The study of society - social science - did not take its place among the sciences that backed development (except for a few relatively independent or peripheral branches, such as economics). Apart from a number of individual exceptions, in general sociologists were unaccustomed to thinking in terms of the practical implications of their accumulated knowledge, and sociology has in fact rarely been represented as the holistic study of human experience in such a way that it could meet ecology - the holistic study of nature - on equal terms.
It cannot be overstressed that, unlike the ecologist, the sociologist stands within his own subject matter, and is himself a part of it, in a way that other scientists - pure or applied, including the ecologist and the engineer - are not. The tendency to try to neutralise the implications of this condition in the name of science have paradoxically emasculated sociology as a science, especially within the development context. Social science became divided into schools, which were partly a reflection of the divisions of the society the scientists belonged to, and differed with regard to the feasibility of development.
It is not surprising, therefore, that it has taken social science longer than ecology to become involved in the development effort. Most sociological work on development as a process (as distinct from what has been written about underdevelopment as a condition) has consisted of rationalisation of the effort under the heading of modernization theory, based on unquestioned assumptions of progress, rather than what was needed explanation of what was happening, of success and failure. The root of this aspect of the paradox lies in a lack of scientific awareness of social process, even a refusal to acknowledge it (a kind of social equivalent of psychological repression), and in the related backwardness of social science (for which there are of course interesting social and historical explanations, which are beyond the scope of this essay).
It should by now be clear that one precondition for the resolution of our paradox lies in the integration scientific discovery, technological capability and sociological understanding, in relation to the constraints of ecology and the ambitions of development. But such integration is not easy to accomplish. This essay is written against the background of the concern with this general problem, but has as its specific focus the progress that has been made in understanding the relationship between human activity and natural processes as a basis for reconciling human ambitions with both ecological and social constraints in the development effort; in other words, it is concerned with the practical understanding of the human component of the ecosystem, and of the natural component in human (social) thinking. A little elucidation of the anticipated resolution is necessary here before moving on in the next chapter to a survey of the process of changing orientations.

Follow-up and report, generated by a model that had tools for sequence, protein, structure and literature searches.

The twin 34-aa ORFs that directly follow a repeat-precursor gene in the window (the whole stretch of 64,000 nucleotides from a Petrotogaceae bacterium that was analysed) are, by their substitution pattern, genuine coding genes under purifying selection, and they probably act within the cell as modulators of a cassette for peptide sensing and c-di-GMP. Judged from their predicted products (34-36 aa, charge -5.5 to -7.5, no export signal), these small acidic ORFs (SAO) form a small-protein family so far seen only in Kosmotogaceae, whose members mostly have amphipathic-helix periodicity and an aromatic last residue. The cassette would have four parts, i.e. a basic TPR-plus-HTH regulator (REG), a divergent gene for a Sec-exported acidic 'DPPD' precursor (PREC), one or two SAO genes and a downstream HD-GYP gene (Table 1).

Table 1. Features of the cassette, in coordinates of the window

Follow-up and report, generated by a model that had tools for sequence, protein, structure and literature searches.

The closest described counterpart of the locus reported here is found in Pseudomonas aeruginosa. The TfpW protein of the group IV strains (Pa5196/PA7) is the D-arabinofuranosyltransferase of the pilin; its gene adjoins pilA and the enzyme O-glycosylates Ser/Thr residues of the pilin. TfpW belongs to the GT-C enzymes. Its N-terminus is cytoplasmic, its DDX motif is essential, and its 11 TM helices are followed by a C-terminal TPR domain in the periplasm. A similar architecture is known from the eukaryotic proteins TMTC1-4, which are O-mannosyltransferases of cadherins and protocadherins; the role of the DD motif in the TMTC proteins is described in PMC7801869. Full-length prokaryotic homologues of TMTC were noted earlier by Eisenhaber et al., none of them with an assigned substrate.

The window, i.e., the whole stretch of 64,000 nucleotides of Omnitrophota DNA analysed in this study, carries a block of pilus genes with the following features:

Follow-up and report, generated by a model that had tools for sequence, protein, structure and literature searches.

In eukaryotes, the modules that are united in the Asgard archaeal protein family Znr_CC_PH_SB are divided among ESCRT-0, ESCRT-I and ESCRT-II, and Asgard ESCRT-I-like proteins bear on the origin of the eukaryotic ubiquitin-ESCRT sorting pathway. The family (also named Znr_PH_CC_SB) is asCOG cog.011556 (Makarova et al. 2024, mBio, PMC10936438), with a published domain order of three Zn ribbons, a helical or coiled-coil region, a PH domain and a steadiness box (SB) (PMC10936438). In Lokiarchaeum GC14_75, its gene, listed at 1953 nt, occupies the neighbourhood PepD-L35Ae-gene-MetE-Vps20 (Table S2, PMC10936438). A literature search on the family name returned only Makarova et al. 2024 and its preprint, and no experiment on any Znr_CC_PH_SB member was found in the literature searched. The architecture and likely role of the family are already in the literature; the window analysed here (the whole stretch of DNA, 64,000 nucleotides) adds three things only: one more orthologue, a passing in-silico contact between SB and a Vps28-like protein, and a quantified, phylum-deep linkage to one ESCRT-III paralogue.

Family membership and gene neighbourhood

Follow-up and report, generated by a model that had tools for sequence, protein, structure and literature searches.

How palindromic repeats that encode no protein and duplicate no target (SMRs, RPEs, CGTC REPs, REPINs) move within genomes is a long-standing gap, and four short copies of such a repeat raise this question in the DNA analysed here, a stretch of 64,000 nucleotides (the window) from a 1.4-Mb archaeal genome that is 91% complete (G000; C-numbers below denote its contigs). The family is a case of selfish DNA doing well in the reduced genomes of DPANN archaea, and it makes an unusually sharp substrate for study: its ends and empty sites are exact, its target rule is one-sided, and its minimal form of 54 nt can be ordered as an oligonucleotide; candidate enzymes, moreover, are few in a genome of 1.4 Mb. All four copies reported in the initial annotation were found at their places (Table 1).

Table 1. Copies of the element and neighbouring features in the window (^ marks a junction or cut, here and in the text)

The three dimensions of ecology
Ecology has become a popular word. But it means different things to different people. In ordinary parlance which can never be entirely divorced from scientific usage it is inexact and emotive. So what does ecology mean for practical purposes?
Ecology has three dimensions of meaning:
1) a natural dimension - it directs attention to the systemic relationships that compose concrete, natural reality;
2) a social or political dimension - it has different social referents according to where the actor stands in relation to others in an ecosystemic whole, in which all manoeuvre for advantage or power; and
3) a cultural or ideological dimension - it stands for a value (it is good), and has the quality and power of a symbol (it moves us).
But we must bear in mind that it is in the nature of symbols not to give exact or unitary or unequivocal meaning (See, for example, Leach 1976). We should be suspicious, therefore, of any pretension that ecology gives complete and clear answers, and careful to distinguish among the different dimensions of its usage.
Holism and selectivity in science and in common sense
How do these three dimensions of the meaning of ecology work in our minds? Meaning is the property of something we understand (though there may be different levels of meaning and we may not be equally conscious of all of them). What we understand is experience, and we understand it through ordering. We order through selecting; and we select in categories. But it is often difficult to see how our categories were established, because categories of thought commonly have to do with the symbolic rather than the scientific dimension of our mental activity. They are not always determined rationally. Thought inherently moves in symbols, but builds in oppositions, which render categories and taxonomies. One of the tasks of science (broadly conceived), and therefore of scientific ecology, is continually to question the boundaries of the categories, in order to minimize the constraints that those boundaries and their selectivity impose on our thought.